By Special To The Washington Post · Bethanne Patrick · ENTERTAINMENT, BOOKWORLD
"Afterlife: A Novel," by Julia Alvarez (April 7)
A new short, lyric novel from the author of "How the Garcia Girls Lost Their Accents" and "In the Time of the Butterflies"? Yes, please, and thank you. Alvarez has her protagonist Antonia (who resembles her creator in age, background and temperament) face several dilemmas at once, including widowhood, a mentally ill sister and an unexpected, pregnant houseguest. You can read it in one afternoon.
"The Poets & Writers Complete Guide to Being a Writer" by Mary Gannon and Kevin Larimer (April 7)
Maybe this is the moment to finally write that novel you've always wanted to publish. In that case, Gannon and Larimer, both of whom work full time in the writing and publishing industries, impart what a sustainable writing career entails: networks and skills, not necessarily a swank study. The fact that this is such a lively, informative read means you can trust their expertise.
"A Hundred Suns: A Novel," by Karin Tanabe (April 7)
If you're looking for a transporting historical novel, Tanabe's smart thriller set in 1933 Indochina fits the bill. When an American woman arrives in Saigon, she knows her French husband, heir to the Michelin rubber fortune, plays an important role in the colonial capital. However, she has no idea how corrupt colonial lives can be and discovers she may be a pawn in a friend's hands.
"How Much of These Hills Is Gold: A Novel," by C Pam Zhang (April 7)
Speaking of transporting historical novels, Zhang's triumph of a debut is a saga about an Asian American family set during our nation's gold rush. Siblings Lucy and Sam, whose Ma is gone, embark on a journey to bury their father; along the way, they encounter Western archetypes, both human and bestial, but these figures hold none of the romance and simplicity that they do in movies or on television.
"What Is the Grass: Walt Whitman in My Life," by Mark Doty (April 14)
Many readers understand how a powerful literary voice can change your life. Not many readers can articulate why the way this National Book Award-winning poet does in his new hybrid memoir about Walt Whitman's influence on Doty's life and work. Through close readings of Whitman's poetry, the author delves into his subject's obsessions and epiphanies.
"The Address Book: What Street Addresses Reveal about Identity, Race, Wealth, and Power," by Deirdre Mask (April 14)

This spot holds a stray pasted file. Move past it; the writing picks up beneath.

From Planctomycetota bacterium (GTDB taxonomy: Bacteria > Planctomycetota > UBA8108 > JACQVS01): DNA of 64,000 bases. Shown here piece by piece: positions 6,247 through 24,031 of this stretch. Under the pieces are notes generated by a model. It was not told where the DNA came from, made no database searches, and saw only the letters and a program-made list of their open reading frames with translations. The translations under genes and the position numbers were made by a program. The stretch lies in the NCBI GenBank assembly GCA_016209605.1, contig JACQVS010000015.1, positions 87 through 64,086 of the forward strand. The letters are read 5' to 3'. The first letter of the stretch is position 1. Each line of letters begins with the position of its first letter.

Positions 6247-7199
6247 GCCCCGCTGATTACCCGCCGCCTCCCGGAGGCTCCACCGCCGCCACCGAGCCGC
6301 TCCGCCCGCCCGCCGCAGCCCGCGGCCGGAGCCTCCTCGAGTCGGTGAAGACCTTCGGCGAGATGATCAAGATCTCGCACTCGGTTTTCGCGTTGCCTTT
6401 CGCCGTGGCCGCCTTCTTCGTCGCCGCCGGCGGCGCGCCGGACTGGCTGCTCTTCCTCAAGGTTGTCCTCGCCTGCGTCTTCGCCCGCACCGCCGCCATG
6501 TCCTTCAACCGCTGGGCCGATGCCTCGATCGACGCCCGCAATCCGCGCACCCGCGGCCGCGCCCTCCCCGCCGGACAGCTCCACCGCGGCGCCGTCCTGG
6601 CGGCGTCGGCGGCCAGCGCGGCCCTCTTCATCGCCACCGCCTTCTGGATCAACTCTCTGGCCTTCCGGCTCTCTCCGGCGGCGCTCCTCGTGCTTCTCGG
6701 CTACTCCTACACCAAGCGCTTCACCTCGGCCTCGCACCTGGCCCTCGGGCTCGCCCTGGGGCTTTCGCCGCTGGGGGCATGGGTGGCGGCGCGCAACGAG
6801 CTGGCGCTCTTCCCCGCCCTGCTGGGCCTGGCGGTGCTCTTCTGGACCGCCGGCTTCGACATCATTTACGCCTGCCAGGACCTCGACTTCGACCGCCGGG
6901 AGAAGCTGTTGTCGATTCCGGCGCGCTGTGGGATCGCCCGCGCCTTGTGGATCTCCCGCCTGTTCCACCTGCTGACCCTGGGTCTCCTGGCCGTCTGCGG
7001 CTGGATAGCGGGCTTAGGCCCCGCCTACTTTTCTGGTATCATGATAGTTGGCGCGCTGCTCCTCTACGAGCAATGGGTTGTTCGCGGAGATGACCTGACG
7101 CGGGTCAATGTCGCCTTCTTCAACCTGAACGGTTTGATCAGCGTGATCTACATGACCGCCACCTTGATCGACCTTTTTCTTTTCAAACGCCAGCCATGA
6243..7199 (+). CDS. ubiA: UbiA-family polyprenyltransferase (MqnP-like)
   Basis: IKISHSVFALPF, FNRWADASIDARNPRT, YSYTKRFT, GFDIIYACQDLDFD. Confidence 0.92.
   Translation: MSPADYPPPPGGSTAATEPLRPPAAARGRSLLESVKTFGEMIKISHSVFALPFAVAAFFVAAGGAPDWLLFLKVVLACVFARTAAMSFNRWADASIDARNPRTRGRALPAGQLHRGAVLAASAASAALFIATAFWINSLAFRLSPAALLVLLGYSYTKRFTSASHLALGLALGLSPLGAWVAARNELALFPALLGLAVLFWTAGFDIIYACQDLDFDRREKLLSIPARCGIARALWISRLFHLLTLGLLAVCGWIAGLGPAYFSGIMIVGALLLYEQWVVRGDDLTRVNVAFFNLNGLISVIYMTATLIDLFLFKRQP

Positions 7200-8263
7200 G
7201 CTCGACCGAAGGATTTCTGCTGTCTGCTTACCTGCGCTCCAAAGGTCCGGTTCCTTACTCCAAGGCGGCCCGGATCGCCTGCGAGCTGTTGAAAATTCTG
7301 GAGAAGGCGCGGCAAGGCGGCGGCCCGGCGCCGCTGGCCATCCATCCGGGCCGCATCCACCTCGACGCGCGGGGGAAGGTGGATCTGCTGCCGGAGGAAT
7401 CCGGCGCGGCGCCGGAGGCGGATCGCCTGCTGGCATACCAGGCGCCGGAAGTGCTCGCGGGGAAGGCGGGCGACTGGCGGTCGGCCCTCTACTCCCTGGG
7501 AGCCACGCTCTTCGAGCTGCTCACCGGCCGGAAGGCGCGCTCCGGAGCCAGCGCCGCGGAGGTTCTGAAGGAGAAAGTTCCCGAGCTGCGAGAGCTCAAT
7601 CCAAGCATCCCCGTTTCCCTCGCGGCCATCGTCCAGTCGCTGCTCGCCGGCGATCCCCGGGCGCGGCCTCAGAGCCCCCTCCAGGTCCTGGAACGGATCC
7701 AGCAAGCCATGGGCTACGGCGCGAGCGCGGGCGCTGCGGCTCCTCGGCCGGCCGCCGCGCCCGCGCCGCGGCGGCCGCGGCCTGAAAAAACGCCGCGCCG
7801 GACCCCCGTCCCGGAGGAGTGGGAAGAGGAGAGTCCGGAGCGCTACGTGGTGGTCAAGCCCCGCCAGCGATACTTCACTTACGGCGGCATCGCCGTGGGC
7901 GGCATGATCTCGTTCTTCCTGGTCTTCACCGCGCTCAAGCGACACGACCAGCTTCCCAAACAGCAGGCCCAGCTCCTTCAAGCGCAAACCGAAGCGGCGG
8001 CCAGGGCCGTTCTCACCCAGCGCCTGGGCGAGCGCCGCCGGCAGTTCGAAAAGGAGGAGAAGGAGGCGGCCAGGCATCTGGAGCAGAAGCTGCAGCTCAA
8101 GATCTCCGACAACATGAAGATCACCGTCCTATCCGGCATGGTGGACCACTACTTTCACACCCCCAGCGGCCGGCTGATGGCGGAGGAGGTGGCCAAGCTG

We can't deny it: From Park Avenue to Nob Hill to Peachtree, every city has its "wealthy neighborhood," every enclave its "best street." The opposite is also true - "the wrong side of the tracks," "the slums." Mask, a Harvard-educated attorney, takes what might seem like a slim idea - street addresses - and turns it into a radical treatise on class divisions in a nation that too often insists none exist.
"This Is Big: How the Founder of Weight Watchers Changed the World - And Me," by Marisa Meltzer (April 14)
Jean Nidetch may be one of the most famous people you've never heard of, and that's because the founder of Weight Watchers didn't want to be identified with her groundbreaking program, fearing she would be branded as fat. Meltzer looks at her own pursuit of weight loss and uses it to illuminate our culture's relentless focus on thinness.
"The Book of Longings: A Novel," by Sue Monk Kidd (April 21)
Another for fans of historical novels, particularly of, say, "The Red Tent," or, more recently, "Naamah." Kidd turns to Jesus of Nazareth and his disciples, focusing on a young Jewish woman named Ana and her views of the new Christian movement. While the sentences "I am Ana. I was the wife of Jesus" might shock some readers, Kidd uses her unexpected narrator to reveal new perspectives on an endlessly parsed era.
"Strange Situation: A Mother's Journey into the Science of Attachment," by Bethany Saltman (April 21)
When the author gave birth to her daughter, she loved her but didn't bond with her, leading her to wonder: Why does love between parent and child exist? Can it be lessened? Strengthened? In a beautiful but also research-driven book, one woman learns that neither she nor her ability to love is broken. Instead, our assumptions about maternal love need to change.
"Take Me Apart: A Novel," by Sara Sligar (April 28)
When a famed photographer dies, leaving behind a vast archive of images, letters and diaries, her son, Theo, hires Kate Aitken to sift through the materials. Kate becomes obsessed with the photographer, even while her attraction to Theo grows. This dark, thoughtful thriller will provide plenty of distraction right now.